11. Daily consumption of cannabis predisposes to the appearance of psychosis and schizophrenia
Post Your Comments:
*Name:
*Comment:
*Email:
(Date:4/13/2017)... April 13, 2017 UBM,s Advanced Design and ... will feature emerging and evolving technology through its 3D ... will run alongside the expo portion of the event ... and demonstrations focused on trending topics within 3D printing ... and manufacturing event will take place June 13-15, 2017 at ...
(Date:4/11/2017)... , April 11, 2017 Crossmatch®, a ... authentication solutions, today announced that it has been ... Research Projects Activity (IARPA) to develop next-generation Presentation ... "Innovation has been a driving force ... program will allow us to innovate and develop ...
(Date:4/11/2017)... N.Y. , April 11, 2017 ... fingerprints, but researchers at the New York University ... College of Engineering have found that partial similarities ... security systems used in mobile phones and other ... thought. The vulnerability lies in the ...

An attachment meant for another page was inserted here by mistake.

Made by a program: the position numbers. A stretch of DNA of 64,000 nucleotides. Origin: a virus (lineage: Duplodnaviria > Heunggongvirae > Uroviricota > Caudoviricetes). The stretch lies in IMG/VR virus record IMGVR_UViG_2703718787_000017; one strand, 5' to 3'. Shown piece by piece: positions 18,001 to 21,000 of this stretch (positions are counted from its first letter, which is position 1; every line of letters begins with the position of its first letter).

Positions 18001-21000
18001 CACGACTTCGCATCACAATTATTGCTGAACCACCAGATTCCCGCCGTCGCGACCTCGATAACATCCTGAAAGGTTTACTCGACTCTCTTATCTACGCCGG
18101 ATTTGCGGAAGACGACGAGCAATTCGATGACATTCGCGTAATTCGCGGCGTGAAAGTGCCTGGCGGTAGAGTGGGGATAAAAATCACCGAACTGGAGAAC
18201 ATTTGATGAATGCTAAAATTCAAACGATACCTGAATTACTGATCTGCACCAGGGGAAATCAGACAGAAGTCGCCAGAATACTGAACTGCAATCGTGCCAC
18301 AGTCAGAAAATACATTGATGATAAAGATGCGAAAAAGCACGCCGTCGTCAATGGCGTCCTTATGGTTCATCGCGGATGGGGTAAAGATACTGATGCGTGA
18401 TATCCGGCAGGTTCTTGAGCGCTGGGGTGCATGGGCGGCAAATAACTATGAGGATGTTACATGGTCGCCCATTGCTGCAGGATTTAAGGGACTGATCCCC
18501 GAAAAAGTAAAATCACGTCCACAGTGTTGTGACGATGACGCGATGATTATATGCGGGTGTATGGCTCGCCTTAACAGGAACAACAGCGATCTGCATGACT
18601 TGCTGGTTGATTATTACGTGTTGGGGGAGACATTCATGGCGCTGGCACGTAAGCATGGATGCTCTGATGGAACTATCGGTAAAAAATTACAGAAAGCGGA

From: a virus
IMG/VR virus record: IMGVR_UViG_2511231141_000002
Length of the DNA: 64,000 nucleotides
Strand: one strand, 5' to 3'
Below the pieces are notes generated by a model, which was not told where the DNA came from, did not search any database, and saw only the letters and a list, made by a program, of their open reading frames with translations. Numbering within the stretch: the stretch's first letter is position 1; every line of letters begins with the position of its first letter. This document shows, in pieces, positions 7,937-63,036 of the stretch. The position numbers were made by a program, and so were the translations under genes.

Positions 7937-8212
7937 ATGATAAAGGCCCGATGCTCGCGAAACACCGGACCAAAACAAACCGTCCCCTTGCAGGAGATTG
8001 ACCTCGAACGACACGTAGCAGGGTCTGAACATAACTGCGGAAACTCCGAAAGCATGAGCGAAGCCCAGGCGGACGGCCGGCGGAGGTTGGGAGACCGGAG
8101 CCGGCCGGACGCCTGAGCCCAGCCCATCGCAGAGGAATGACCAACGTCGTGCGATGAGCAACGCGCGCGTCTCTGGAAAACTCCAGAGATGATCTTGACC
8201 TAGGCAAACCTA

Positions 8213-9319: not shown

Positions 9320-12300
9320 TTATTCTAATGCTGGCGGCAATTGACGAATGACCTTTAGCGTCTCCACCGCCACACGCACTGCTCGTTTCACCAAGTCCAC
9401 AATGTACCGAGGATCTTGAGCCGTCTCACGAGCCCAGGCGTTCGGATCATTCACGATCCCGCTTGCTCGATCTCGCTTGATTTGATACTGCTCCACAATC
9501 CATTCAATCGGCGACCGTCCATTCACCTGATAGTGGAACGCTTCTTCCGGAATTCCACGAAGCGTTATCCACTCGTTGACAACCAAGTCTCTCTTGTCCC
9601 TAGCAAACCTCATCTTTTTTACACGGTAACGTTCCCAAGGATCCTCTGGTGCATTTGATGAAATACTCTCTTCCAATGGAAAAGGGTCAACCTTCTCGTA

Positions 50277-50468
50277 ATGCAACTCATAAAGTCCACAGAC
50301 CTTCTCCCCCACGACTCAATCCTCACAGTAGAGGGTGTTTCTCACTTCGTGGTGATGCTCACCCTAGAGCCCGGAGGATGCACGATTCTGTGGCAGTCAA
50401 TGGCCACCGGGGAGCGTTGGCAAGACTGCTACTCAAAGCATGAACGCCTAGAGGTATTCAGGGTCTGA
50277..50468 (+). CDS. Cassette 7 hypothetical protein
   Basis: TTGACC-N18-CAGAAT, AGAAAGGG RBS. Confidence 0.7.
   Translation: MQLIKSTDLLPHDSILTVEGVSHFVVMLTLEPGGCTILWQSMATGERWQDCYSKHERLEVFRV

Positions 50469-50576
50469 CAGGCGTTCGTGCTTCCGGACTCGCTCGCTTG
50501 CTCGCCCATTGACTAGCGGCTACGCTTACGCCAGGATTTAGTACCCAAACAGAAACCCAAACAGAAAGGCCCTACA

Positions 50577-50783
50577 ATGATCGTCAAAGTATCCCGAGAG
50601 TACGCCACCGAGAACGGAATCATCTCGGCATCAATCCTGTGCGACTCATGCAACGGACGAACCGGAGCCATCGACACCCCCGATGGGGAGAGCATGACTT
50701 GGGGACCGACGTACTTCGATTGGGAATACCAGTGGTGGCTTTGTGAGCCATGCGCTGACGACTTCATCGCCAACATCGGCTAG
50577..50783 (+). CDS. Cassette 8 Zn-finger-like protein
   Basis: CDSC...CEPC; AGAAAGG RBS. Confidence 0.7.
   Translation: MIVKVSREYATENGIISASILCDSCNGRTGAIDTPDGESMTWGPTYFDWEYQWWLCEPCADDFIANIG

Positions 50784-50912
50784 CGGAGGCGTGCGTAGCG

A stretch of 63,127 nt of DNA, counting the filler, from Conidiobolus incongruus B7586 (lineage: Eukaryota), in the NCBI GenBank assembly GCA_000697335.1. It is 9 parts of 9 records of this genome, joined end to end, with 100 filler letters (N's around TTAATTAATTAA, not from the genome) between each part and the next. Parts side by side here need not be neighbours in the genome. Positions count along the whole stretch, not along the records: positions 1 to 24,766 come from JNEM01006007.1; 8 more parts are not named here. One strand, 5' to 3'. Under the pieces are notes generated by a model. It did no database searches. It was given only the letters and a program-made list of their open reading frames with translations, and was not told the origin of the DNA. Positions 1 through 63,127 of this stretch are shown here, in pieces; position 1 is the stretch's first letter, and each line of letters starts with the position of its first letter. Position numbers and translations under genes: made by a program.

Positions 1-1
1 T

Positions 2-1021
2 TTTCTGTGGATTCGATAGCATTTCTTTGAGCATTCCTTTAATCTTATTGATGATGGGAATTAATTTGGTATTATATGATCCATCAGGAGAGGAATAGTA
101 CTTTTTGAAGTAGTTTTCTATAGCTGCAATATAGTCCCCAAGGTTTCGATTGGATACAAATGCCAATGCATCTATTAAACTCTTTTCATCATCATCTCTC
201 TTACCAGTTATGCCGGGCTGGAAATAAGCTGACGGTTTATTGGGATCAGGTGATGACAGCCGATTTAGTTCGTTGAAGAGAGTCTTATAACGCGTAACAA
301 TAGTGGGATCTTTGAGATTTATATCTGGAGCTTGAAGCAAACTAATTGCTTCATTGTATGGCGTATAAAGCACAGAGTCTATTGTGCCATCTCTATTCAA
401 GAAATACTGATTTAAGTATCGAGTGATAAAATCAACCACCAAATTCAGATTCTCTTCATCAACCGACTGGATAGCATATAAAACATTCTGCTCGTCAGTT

Breaking Biology News(10 mins):
(Date:6/22/2017)... , ... June 21, 2017 , ... ... office in North Carolina, and engages Timothy Reinhardt to manage the new site. ... leadership at Pfizer Inc, with his most recent role as the Director of ...
(Date:6/22/2017)... ... 22, 2017 , ... For the months of May and ... Spotlight series on “Cell Therapy Regulation” for its regenerative medicine followship. ... unique regulatory challenges of stem cell medical research. , Stem cell clinical trials ...
(Date:6/22/2017)... ... June 22, 2017 , ... Charm Sciences, Inc. is pleased to ... was determined to be appropriate as a screening test at dairies and farms for ... EZ system, and the Charm EZ Lite system. These systems are a combination incubator ...
(Date:6/20/2017)... SQUARE, Pa. , June 20, 2017  Kibow ... is pleased to announce the issuance of a new ... gout or hyperuricemia by the U.S. Patent and Trademark ... Inc., a winner of the Buzz of Bio award ... , is akin to developing non-drug approaches to chronic ...
Breaking Biology Technology: